As part of Celgene's (NASDAQ:CELG) deal with Juno Therapeutics (NASDAQ:JUNO), Celgene agreed to "purchase 9,137,672 shares of Juno's common stock at $93.00 per share," according to the press release.

If Celgene thinks Juno is worth $93 per share, why is Juno trading at a substantial discount to that price?

As I wrote previously on a Motley Fool message board, the short answer is: "Celgene doesn't think Juno is worth $93 now. The number is completely arbitrary and shouldn't have even been included in the press release."

A longer explanation
Celgene isn't just buying those 9 million or so shares; it's also gaining access to Juno's pipeline. Celgene has the right to opt in to sell Juno's products outside North America while giving Juno a royalty, and the larger biotech also has the option of taking a 50% stake in two of Juno's products, splitting costs and profits equally.

In exchange for the shares and the rights to Juno's pipeline, Celgene is giving Juno $1 billion and rights for Juno to take a 30% stake in some of Celgene's related compounds.

The press release breaks the $1 billion out as $93 for 9,137,672 shares, which is about $850 million, and "an upfront payment of approximately $150 million."

The reason for the 9,137,672 shares is to give Celgene an approximately 10% stake, but the $93 price tag is completely meaningless.

Imagine if Celgene paid $1 per share for the 9,137,672 shares and paid an upfront payment of $990,862,328 while the drug licensing terms remain the same. Investors might have freaked out about what looks like having Juno give away 10% of the company, but the results of that transaction would be exactly the same: Celgene still owns 10% of Juno, and Juno still has $1 billion.

Alternatively, Celgene could have paid $109.44 for those 9,137,672 shares and not given any other upfront payment. Same result: Celgene still owns 10% of Juno and Juno still has $1 billion.

So where did that $93 per share come from?
As far as I can tell, the value cited in the press release seems to have just been a number large enough to get journalists to focus on it. We all did:

"The company said the deal values Juno's shares at $93, or roughly double the $46 they closed at Monday afternoon. That would mean Juno was worth over $8 billion." -- Fortune

"The stock portion totals around $850 million, and the per-share price is nearly double the $46.61 closing price of Juno stock on Friday." -- The Associated Press

"Its giant purchase of Juno stock at $93 a share -- more than twice Monday's closing price -- raised some eyebrows on the Street." -- Investor's Business Daily

"Celgene is buying 9.1 million shares of Juno at $93 per share -- a 102% premium to Juno's closing price of $46.30." -- The Street

Even I bit initially before realizing the stated share price was meaningless: "Celgene is handing over $150 million upfront and will make an equity investment of about $850 million at $93 per share, about double where the stock closed on Monday."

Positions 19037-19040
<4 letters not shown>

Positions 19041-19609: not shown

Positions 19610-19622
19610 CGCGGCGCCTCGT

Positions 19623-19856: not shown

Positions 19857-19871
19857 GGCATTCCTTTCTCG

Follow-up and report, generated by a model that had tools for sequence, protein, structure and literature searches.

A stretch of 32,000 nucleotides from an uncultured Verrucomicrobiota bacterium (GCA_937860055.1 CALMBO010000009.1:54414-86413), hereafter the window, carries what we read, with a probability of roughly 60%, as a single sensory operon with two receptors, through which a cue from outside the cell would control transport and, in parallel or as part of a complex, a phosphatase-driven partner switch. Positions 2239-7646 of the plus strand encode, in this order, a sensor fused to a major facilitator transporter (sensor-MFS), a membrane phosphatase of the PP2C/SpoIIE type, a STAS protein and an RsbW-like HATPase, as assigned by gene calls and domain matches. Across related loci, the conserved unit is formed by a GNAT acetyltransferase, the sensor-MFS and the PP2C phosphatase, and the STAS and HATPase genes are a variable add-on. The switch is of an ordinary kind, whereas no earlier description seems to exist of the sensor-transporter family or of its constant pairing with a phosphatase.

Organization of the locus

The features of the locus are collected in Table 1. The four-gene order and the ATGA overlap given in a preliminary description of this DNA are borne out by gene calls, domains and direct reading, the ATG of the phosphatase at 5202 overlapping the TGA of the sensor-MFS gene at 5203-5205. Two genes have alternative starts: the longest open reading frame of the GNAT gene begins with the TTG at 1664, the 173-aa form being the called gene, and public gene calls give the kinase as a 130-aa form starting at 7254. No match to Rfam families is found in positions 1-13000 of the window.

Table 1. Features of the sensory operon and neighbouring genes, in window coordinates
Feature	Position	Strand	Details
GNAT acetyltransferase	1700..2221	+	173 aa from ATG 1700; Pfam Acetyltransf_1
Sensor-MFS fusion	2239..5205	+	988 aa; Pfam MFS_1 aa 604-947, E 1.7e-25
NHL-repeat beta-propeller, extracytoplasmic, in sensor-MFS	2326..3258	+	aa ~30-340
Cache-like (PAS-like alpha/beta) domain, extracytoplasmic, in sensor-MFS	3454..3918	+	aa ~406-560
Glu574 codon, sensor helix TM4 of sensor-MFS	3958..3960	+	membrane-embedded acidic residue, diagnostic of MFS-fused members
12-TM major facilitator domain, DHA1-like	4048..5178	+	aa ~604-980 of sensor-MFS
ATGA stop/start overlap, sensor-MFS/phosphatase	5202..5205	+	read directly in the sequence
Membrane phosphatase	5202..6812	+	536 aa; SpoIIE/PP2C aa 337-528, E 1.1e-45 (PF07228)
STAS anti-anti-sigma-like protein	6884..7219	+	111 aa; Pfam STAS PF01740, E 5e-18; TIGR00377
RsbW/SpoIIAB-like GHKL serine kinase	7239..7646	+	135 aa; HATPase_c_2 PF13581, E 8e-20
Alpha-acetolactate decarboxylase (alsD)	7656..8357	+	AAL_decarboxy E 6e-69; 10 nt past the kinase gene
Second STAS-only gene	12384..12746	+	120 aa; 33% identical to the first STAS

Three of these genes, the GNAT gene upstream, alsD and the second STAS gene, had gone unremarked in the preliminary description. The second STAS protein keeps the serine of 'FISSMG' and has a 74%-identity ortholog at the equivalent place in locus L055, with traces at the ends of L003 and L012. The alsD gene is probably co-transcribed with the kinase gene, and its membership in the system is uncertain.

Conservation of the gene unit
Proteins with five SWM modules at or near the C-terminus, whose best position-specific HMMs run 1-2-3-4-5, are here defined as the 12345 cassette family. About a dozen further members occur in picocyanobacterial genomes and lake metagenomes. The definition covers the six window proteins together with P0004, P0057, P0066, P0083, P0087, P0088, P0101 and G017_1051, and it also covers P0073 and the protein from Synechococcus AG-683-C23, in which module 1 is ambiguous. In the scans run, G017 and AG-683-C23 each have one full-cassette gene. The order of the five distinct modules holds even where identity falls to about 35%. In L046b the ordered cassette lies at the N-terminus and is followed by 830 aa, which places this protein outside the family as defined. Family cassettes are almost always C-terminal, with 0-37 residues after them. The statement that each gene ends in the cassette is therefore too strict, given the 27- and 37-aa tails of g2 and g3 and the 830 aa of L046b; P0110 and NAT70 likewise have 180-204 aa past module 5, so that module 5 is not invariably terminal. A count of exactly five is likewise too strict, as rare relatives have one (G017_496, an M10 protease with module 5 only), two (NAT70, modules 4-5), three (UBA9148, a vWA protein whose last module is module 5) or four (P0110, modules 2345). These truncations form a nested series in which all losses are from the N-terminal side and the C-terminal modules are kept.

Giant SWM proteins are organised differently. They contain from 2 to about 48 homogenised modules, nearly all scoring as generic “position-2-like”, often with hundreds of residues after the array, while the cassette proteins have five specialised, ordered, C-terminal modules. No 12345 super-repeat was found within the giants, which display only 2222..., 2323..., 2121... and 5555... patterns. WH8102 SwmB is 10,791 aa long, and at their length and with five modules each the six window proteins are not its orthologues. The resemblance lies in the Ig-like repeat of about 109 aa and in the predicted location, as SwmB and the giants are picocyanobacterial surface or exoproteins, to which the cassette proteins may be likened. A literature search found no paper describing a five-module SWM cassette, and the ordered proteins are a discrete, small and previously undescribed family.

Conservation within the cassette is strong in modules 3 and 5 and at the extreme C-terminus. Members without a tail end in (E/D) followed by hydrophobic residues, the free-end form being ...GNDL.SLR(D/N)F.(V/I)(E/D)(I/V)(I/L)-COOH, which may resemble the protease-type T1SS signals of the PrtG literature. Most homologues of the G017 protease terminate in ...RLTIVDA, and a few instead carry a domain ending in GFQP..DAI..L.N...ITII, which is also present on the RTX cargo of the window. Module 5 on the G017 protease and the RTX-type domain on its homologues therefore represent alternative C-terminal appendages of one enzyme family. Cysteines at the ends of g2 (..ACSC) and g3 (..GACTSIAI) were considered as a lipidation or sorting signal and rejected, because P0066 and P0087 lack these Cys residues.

How much does Celgene really think Juno is worth?
The only way to know how much Celgene thinks Juno is worth is by knowing how much the rest of the deal is worth to Celgene, subtract that out of the $1 billion, and divide by 9,137,672 to get the price per share.

The reverse calculation is easier to make if we assume the current price of Juno -- almost 17% above where it was before the deal was announced -- is the correct price. At the closing price on Thursday, Juno had a market cap of about $5.4 billion on a pro forma basis, adding in Celgene's yet-to-be issued shares, so Celgene's 10% stake is worth roughly $540 million.

If we subtract that out of the $1 billion, Celgene is handing over roughly $460 million and the option to a 30% right to some of its drugs in exchange for the rights it's getting on Juno's pipeline.

Is it worth that much? It's hard to say without knowing how many drugs Celgene will ultimately get from Juno's pipeline and how much the 30% stake in Celgene's unnamed drugs is worth to Juno. But it doesn't feel all that overpriced, although Celgene is certainly taking on more risk than is typical in a licensing deal.

If Juno's CAR-T technology works, $460 million will look like a steal. Eli Lilly recently signed a discovery-stage deal for BioNTech's immuno-oncology platform that could give the biotech over $300 million for each drug Eli Lilly licenses as well as tiered royalty payments up to double digits. The difference is Eli Lilly is paying only $30 million upfront and investing $30 million in BioNTech. The rest of the payments are tied to development, regulatory, and commercial milestones. If the partnership doesn't pan out, Eli Lilly isn't out all that much.

Ironically, if Juno's therapies end up getting on the market, Juno's market cap should eventually exceed $10 billion, making Celgene's initial stake worth $1 billion, and Celgene will have essentially gotten the rights to Juno's drugs for free.

That's "free" in the same way that capital gains are free; Celgene is still risking its capital just like any other investor.

This article represents the opinion of the writer, who may disagree with the “official” recommendation position of a Motley Fool premium advisory service. We’re motley! Questioning an investing thesis -- even one of our own -- helps us all think critically about investing and make decisions that help us become smarter, happier, and richer.